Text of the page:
The Blue Heart Prevention Campaign donates all proceeds to the United Nations Voluntary Trust Fund for Victims of Trafficking Persons. This provides vital assistance and protection to victims of human trafficking.

In 2014, Panama joined the Blue Heart Prevention Campaign and is making small strides toward solving human trafficking in Panama. The campaign hosted the Blue Heart Gala Concert where music held great power in bringing individuals together in the fight against human trafficking. More than 600 people attended the concert where the country’s National Symphony Orchestra and the Nemeth Quartet from Turkey performed.

Looking Ahead

Supporters across the globe continue to raise money and awareness for victims of human trafficking in Panama, but it still is not enough. Panama has a ways to go to meet the required standards for the elimination of human trafficking. With more focus returned to the prosecution of traffickers, it is possible that Panama can reach the required standards that the U.S. Department of State.

Brianna Green
Photo: Flickr

Human Trafficking in Bangkok
According to the U.N. Office on Drugs and Crime, Thailand is a “top destination for victims of human trafficking.” The majority of Thailand’s trafficking victims are voluntary economic migrants from countries like Myanmar, Laos, Cambodia and China. They come only for the promise of a good job.

Without documentation, knowledge of Thailand or understanding of its language, they are vulnerable to traffickers. For the same reasons, it is nearly impossible for them to escape. Many are trapped in Thailand’s bustling capital of Bangkok, famous for its rich history, stunning architecture and thriving sex tourism industry.

Operation Graceland began with a tip-off by an Uzbek woman trafficked into prostitution at Bangkok’s Grace Hotel and desperate to return home. What followed was a police raid, the holding of 19 women and an investigation of all involved. In the end, only two of the detainees admitted to being trafficked. They identified their abusive ‘manager’ amongst the group, but after receiving word that their families had been threatened, they spoke favorably of her in court. She was released.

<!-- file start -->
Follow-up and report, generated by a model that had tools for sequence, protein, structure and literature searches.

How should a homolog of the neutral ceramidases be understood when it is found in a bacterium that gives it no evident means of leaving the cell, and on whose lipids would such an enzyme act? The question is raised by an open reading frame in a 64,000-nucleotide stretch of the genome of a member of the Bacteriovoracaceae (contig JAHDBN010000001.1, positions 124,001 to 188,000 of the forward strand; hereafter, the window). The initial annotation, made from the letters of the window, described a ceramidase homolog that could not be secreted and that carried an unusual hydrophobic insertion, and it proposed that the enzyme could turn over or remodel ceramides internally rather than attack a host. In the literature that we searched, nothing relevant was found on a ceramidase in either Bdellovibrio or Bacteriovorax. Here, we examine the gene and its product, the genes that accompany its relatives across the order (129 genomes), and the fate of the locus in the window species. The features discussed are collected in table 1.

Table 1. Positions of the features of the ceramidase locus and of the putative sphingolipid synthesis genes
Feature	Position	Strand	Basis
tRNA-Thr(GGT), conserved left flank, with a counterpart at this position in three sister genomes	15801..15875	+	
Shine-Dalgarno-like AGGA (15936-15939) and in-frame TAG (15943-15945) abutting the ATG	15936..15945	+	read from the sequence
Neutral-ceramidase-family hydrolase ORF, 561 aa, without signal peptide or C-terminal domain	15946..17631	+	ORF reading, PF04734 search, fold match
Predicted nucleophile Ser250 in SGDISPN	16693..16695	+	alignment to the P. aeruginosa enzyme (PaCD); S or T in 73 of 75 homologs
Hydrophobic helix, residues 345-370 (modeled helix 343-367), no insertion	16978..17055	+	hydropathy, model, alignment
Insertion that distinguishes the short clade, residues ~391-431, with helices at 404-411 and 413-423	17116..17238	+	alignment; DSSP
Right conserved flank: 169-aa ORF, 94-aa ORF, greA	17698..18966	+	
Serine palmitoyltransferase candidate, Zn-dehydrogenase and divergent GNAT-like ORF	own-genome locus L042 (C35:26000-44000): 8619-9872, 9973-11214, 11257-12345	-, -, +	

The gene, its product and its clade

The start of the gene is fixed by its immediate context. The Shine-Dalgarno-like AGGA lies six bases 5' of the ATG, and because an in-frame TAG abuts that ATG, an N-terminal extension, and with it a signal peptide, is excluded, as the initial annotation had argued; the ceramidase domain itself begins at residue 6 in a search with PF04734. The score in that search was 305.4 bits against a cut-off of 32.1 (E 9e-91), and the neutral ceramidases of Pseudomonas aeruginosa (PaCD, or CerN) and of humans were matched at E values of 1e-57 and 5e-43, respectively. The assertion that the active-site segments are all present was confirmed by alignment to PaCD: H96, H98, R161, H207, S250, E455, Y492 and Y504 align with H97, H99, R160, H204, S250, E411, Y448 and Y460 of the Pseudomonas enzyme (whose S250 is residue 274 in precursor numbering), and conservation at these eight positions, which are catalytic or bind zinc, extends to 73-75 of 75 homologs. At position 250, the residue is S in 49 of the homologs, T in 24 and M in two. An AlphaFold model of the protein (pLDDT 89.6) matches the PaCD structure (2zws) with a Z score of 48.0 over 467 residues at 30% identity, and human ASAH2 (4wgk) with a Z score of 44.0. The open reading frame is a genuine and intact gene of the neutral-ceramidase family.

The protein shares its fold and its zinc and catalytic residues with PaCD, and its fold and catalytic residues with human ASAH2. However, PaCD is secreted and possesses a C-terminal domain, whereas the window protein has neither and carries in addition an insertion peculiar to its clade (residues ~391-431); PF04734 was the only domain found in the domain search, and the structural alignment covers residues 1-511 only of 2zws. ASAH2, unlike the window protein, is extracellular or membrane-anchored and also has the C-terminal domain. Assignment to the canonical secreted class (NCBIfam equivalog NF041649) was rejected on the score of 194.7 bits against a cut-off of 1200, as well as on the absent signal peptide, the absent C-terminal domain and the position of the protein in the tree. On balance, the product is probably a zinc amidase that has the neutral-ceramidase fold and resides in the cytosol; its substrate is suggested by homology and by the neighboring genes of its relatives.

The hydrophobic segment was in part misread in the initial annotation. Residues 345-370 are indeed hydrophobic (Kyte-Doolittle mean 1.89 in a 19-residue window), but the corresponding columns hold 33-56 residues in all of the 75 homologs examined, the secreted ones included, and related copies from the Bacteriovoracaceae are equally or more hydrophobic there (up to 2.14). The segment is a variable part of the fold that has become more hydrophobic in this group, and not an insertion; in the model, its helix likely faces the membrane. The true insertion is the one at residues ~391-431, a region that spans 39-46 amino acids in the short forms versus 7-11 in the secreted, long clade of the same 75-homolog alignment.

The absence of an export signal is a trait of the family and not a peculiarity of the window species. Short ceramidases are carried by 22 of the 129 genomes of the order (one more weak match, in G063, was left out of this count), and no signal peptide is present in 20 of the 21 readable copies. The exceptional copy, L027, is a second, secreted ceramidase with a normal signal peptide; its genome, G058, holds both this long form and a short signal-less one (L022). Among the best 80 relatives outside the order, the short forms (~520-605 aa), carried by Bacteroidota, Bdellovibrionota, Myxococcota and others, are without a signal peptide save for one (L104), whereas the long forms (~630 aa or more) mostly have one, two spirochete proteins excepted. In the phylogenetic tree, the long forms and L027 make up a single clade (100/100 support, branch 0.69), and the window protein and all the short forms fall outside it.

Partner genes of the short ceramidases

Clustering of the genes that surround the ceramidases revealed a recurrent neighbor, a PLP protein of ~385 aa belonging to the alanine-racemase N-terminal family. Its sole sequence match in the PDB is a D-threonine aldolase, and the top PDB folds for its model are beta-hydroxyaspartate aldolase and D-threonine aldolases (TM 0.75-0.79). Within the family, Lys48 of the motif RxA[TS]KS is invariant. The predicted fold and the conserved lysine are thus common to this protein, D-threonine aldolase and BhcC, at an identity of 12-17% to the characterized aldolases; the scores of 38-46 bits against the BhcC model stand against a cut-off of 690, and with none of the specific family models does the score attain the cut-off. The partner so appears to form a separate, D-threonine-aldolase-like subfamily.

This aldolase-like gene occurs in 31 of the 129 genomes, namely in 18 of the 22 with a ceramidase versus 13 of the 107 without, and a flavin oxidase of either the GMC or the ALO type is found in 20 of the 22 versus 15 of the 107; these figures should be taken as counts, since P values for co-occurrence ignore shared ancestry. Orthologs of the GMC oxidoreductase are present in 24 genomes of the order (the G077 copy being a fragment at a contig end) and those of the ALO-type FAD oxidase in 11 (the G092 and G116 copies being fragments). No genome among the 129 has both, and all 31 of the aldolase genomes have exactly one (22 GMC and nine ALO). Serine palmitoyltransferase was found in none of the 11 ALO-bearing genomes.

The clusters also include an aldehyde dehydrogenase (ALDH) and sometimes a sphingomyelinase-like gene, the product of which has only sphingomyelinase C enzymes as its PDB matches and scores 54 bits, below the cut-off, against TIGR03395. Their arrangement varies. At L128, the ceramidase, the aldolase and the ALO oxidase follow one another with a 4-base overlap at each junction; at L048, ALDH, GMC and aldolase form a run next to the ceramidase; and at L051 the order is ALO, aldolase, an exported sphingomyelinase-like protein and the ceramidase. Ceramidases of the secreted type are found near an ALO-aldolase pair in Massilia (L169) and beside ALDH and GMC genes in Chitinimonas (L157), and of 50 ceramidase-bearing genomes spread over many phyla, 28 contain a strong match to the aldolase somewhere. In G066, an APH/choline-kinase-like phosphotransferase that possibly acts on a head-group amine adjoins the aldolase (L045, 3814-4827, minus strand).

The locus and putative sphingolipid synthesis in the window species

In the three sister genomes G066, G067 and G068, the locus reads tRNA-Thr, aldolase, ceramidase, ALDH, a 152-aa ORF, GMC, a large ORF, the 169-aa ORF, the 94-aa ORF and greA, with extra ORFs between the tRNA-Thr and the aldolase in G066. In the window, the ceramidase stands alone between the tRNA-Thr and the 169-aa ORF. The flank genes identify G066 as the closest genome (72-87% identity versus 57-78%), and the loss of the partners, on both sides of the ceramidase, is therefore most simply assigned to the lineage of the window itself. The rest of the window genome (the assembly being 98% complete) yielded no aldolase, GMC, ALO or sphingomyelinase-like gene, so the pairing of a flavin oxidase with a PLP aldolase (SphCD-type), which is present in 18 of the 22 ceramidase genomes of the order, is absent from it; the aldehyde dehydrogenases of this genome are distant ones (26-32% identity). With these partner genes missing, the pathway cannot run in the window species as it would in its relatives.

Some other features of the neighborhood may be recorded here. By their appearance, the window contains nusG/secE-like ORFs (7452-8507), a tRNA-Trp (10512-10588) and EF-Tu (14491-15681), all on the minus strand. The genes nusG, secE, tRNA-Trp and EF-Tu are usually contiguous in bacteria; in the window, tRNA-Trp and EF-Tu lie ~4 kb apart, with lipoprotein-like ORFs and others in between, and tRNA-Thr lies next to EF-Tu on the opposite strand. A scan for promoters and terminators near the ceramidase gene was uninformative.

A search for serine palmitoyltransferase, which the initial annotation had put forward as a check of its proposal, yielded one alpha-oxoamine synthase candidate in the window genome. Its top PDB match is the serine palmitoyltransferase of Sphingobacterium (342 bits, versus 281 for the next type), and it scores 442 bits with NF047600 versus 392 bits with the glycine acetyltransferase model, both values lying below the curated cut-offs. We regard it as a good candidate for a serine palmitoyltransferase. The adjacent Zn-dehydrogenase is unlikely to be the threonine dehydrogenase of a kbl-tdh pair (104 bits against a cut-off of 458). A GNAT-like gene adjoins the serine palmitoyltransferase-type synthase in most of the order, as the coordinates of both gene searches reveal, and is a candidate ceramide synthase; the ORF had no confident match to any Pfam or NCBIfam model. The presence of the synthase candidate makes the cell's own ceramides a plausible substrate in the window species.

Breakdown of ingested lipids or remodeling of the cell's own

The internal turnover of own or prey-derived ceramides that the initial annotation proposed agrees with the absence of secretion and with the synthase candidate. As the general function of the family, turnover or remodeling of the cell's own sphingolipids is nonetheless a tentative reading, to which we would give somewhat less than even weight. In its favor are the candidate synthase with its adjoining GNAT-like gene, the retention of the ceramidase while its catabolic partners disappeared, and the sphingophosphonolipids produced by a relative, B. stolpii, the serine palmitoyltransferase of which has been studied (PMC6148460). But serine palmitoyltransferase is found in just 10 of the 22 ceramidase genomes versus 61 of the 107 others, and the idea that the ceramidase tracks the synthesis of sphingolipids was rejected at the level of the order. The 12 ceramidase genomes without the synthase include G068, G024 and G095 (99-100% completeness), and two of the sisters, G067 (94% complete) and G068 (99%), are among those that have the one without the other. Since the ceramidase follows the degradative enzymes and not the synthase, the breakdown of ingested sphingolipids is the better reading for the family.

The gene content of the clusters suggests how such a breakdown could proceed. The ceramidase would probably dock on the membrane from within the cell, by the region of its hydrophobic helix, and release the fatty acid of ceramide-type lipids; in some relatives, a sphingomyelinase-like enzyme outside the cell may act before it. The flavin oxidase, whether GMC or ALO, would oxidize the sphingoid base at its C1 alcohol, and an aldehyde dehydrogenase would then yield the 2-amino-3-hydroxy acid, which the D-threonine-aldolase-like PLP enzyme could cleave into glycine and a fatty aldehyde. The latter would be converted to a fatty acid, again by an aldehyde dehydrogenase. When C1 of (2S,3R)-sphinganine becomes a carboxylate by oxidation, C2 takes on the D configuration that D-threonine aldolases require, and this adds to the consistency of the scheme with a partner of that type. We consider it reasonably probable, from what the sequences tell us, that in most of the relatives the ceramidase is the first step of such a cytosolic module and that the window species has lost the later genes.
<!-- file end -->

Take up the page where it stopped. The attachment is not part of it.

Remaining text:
In 2002, there were an estimated 200,000 sex workers in Bangkok and the trade has grown. It is a lucrative job: women and men from poor families earn money to support their relatives, finance future aspirations or live a life of previously unknown affluence.

Though many are forced by circumstance, involvement in the sex industry is considered voluntary. Because there are so many willing sex workers in Bangkok, it is difficult to identify victims of trafficking. Officers are being trained to recognize trafficked workers. Do they work excessive hours? Do they have documentation? Are they of age?

But even if they manage a rescue, it is difficult to convict the perpetrators. Gangs threaten those rescued and their families, warning them against speaking out. Some victims hope that, by cooperating with their captors, they will be released with a small share of their earnings, all of which typically go to their slavers. Still others are undocumented migrants, who fear legal retribution for involving themselves in any legal affair.

In any case, testifying is risky, since many prosecutors base their arguments entirely on hearsay and the victim’s statements. Slavers are often released and the case against them deemed unsubstantial.

The prevalence of trafficking in Thailand and the legal support for victims have not improved enough for international recognition. In June, the United States dropped Thailand from tier two to tier three on the 2014
Trafficking in Persons report.

But the Thai government is making headway. In 2013, the number of trafficking cases investigated was double that of 2012. Nearly 750 victims received some form of assistance from the Thai government: most were referred to one of nine shelters run by the Ministry of Social Development and Human Security. Thousands of public officers were trained on new anti-trafficking laws; ideally, they will offer victims the legal support they need and give them hope of a life once again in freedom.

-Olivia Kostreva

Sources: Bangkok Post, Time, UNIAP
Photo: Laura Leigh Parker